Boatsmen rowing shikaras in Dal Lake, their pherans(loose cloaks indigenous to Kashmir) speckled with snow and a kangri (a clay pot encased in wicker and filled with burning coal) in tow, have become an ideal image for tourists and photographers documenting the region.
Anyone visiting Kashmir in winter will find kangris across the valley, despite differences in culture, social status and dialect. Kashmiris believe the kangri is the most apt heating arrangement in a place where temperatures dip to sub-zero between the months of December and February.
Although electric heaters and stylish woollen outfits have made inroads, the traditional kangri continues to be relevant. It is a potent weapon against the chill in a place where electricity often plays hide and seek. The most interesting part of the kangri is its portability: The handle, made of wicker, allows people to carry it inside their pherans anywhere they go.
Although some say that the concept of a mobile fire pot is an import from Central Asia, Kashmiris believe it is an indigenous innovation. “The kangri is in our history, culture and tradition,” says 65-year-old Zarief Ahmad Zarief, a poet, writer, social activist and retired government officer based in Srinagar. Zarief explains the evolution of the kangri, “First, the kangri was made of sun-dried pot; with the passage of time, Kashmiris learnt to use oven-fired pots... the use of wicker came in only later.”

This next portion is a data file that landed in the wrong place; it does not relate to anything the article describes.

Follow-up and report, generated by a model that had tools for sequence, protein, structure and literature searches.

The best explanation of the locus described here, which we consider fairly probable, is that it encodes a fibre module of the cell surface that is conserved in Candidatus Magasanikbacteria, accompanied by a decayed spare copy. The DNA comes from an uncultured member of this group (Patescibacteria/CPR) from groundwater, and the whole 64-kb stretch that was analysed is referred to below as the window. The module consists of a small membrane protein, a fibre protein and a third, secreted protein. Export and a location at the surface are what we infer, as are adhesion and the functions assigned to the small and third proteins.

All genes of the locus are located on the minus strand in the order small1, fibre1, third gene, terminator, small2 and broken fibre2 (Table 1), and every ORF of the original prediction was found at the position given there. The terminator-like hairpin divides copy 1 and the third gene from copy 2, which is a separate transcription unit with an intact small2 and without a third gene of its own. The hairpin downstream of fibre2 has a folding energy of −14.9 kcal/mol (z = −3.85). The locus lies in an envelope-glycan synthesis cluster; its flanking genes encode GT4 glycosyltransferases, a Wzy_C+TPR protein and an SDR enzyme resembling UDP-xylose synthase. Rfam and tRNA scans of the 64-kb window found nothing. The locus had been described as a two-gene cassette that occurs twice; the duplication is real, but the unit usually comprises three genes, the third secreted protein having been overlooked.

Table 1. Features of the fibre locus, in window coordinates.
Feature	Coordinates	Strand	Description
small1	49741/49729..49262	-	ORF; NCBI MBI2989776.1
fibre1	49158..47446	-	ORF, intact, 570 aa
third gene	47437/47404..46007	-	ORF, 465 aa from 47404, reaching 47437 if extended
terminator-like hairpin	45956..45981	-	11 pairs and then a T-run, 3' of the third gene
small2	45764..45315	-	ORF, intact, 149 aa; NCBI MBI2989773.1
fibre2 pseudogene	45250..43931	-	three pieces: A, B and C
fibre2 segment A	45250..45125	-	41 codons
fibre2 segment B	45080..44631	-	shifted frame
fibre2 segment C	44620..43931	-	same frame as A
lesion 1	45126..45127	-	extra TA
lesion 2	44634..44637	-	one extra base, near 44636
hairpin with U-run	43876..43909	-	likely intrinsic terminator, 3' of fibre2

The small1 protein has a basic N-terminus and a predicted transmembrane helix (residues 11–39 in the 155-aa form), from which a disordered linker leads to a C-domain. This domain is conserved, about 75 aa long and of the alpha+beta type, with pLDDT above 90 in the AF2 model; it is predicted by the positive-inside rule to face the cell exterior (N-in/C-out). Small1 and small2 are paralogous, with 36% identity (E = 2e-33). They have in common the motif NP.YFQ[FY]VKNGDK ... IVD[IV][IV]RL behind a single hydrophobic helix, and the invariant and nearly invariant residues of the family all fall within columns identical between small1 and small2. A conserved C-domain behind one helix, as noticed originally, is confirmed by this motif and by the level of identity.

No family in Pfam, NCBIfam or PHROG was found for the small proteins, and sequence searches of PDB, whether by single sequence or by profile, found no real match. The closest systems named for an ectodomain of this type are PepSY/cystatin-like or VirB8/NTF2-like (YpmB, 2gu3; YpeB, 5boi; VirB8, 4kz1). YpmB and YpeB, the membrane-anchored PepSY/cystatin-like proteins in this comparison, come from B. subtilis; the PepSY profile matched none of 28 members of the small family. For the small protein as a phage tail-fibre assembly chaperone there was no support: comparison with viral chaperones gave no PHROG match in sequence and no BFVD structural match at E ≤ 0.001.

There are three different types of kangri, used by different social classes. The Islamabad kangri, the most common type of kangri in Kashmir, has a broad base and a wide-mouthed pot. These cost around Rs100 and are largely used by people who engage in outdoor work and need higher heat levels. The middle class use what is called the Bandipora kangri, which costs about Rs200 per pot and is made of wicker with a finer weave. Most of these are made in the Bandipora district of north Kashmir, about 60km from the summer capital Srinagar. The Chrar kangri, a slim, decorated pot with minute wicker work, is the most expensive variety and can cost Rs200-400. A version of the Chrar kangri, dressed with silver chains, traditionally accompanies Kashmiri brides as dower.
Septuagenarian Mohammad Sultan, who does wicker work for kangris in a workshop on the outskirts of Srinagar, says he has had steady sales through the years. Around 40% of urban Kashmiris now use electrical appliances and hot-water bottles, he says, but the kangri is still very much in use. “The kangri will always be there,” he says.